Paleo-oncology is the study of carcinomas and sarcomas in ancient
human populations and their hominid precursors. These populations are
informative concerning the possible influences on cancer of morphologic
and functional evolution, diet, lifestyle, and other environmental
factors.The prevalence of cancer in ancient populations might have
differed from that in modern humans, because of substantial differences
in tobacco and alcohol use, diet, life expectancy, and the availability
of treatment. The available physical data concerning cancer in antiquity
includes evidence of its existence in animal fossils and ancient humans
and their precursors. The difficulties of paleo-oncologic research
include a limited soft tissue record. In evaluating cancer in ancient
remains, one must also deal with the problem of pseudopathology:
whether an observed tissue change is an antemortem pathologic lesion
or a postmortem artifact. Future archeological discoveries and the
application of improved diagnostic techniques may enable paleo-oncology
to make further contributions to our understanding of cancer.
Petr Alekseyevich Kropotkin (1842-1921) and Vero Copner
Wynne-Edwards (1906-1997) developed evolutionary theories that emphasized
social groups and cooperation rather than the organism-level natural
selection of standard Darwinian theory. The most important reason
for their alternative interpretations was their experience as field
naturalists. Kropotkin and Wynne-Edwards worked in arctic environments
and were impressed by aspects of the natural world that differed
significantly from those experienced by Darwin or Wallace. These field
experiences led to their emphasis on mutual aid and group selection,
respectively. Understanding the development of their theories helps
to illuminate the continuing debates over evolutionary theory and the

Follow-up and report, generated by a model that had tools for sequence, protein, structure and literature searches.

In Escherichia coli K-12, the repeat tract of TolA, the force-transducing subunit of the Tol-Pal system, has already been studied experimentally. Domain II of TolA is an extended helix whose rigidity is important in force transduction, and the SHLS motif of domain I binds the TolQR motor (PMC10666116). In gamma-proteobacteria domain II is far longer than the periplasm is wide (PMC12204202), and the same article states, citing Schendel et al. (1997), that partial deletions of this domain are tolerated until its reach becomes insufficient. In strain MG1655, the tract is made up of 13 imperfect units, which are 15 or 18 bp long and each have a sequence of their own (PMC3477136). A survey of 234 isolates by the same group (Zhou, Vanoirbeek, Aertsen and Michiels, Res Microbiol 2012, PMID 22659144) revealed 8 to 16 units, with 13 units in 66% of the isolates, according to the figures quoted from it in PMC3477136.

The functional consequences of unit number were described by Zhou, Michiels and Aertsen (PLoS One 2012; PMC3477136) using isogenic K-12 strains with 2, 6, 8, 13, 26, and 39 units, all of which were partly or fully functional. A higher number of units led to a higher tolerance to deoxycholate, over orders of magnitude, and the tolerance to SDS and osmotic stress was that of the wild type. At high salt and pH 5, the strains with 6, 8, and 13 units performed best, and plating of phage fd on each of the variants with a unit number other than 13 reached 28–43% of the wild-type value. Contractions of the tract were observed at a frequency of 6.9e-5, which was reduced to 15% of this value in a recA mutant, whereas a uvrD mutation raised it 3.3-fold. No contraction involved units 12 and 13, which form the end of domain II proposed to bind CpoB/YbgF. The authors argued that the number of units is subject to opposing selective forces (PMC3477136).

current resurgence of interest in group selection.
Washington University (Saint Louis, Mo.). School of Medicine.
Medical education -- Missouri -- Saint Louis.
A physician who was a medical student and resident in the
1930s at the Washington University School of Medicine recalls many of
the remarkable professors who were recruited after Abraham Flexner had
recommended a complete reorganization of the school in 1910, and who
shaped the development of the school. Each of these individuals pioneered
developments that shaped the research, clinical, and organizational
advances of medicine in the 20th century. More than 60 years after
graduation, the recollections rekindle the excitement and fun of medical
education during that period.
New ideas in science frequently arise from neglected or
distorted antecedents.This essay deals with the idea of biochemical
unity, encapsulated in Jacques Monod's well-known phrase, dating from
1954: "Anything found to be true of E. coli must also be true of
elephants." An earlier version of this phrase,—"From the elephant
to butyric acid bacterium—it is all the same!"—was coined in
1926 by the Dutch microbiologist Albert Jan Kluyver. In that year Kluyver
and his associate Hendrick Jean Louis Donker published a celebrated
paper, "Unity in Biochemistry."The concept of biochemical unity had many
antecedents, but these had never caught on. The Kluyver-Donker paper has
often been regarded to provide a boost to biochemical and especially to
microbiological thinking. Its interpretations and misinterpretations
represent an encapsulated history of biochemistry. The present paper
examines the history of the concept of biochemical unity from before
to beyond Kluyver, investigates the two "elephant" phrases and their
possible relationships, and ends with a discussion of the attractiveness
of unifying ideas in science.
Carrel, Alexis, 1873-1944 -- Political and social views.
In the 1970s, Paris and many other French cities named streets
in honor of Alexis Carrel, the French physician, scientist, and Nobel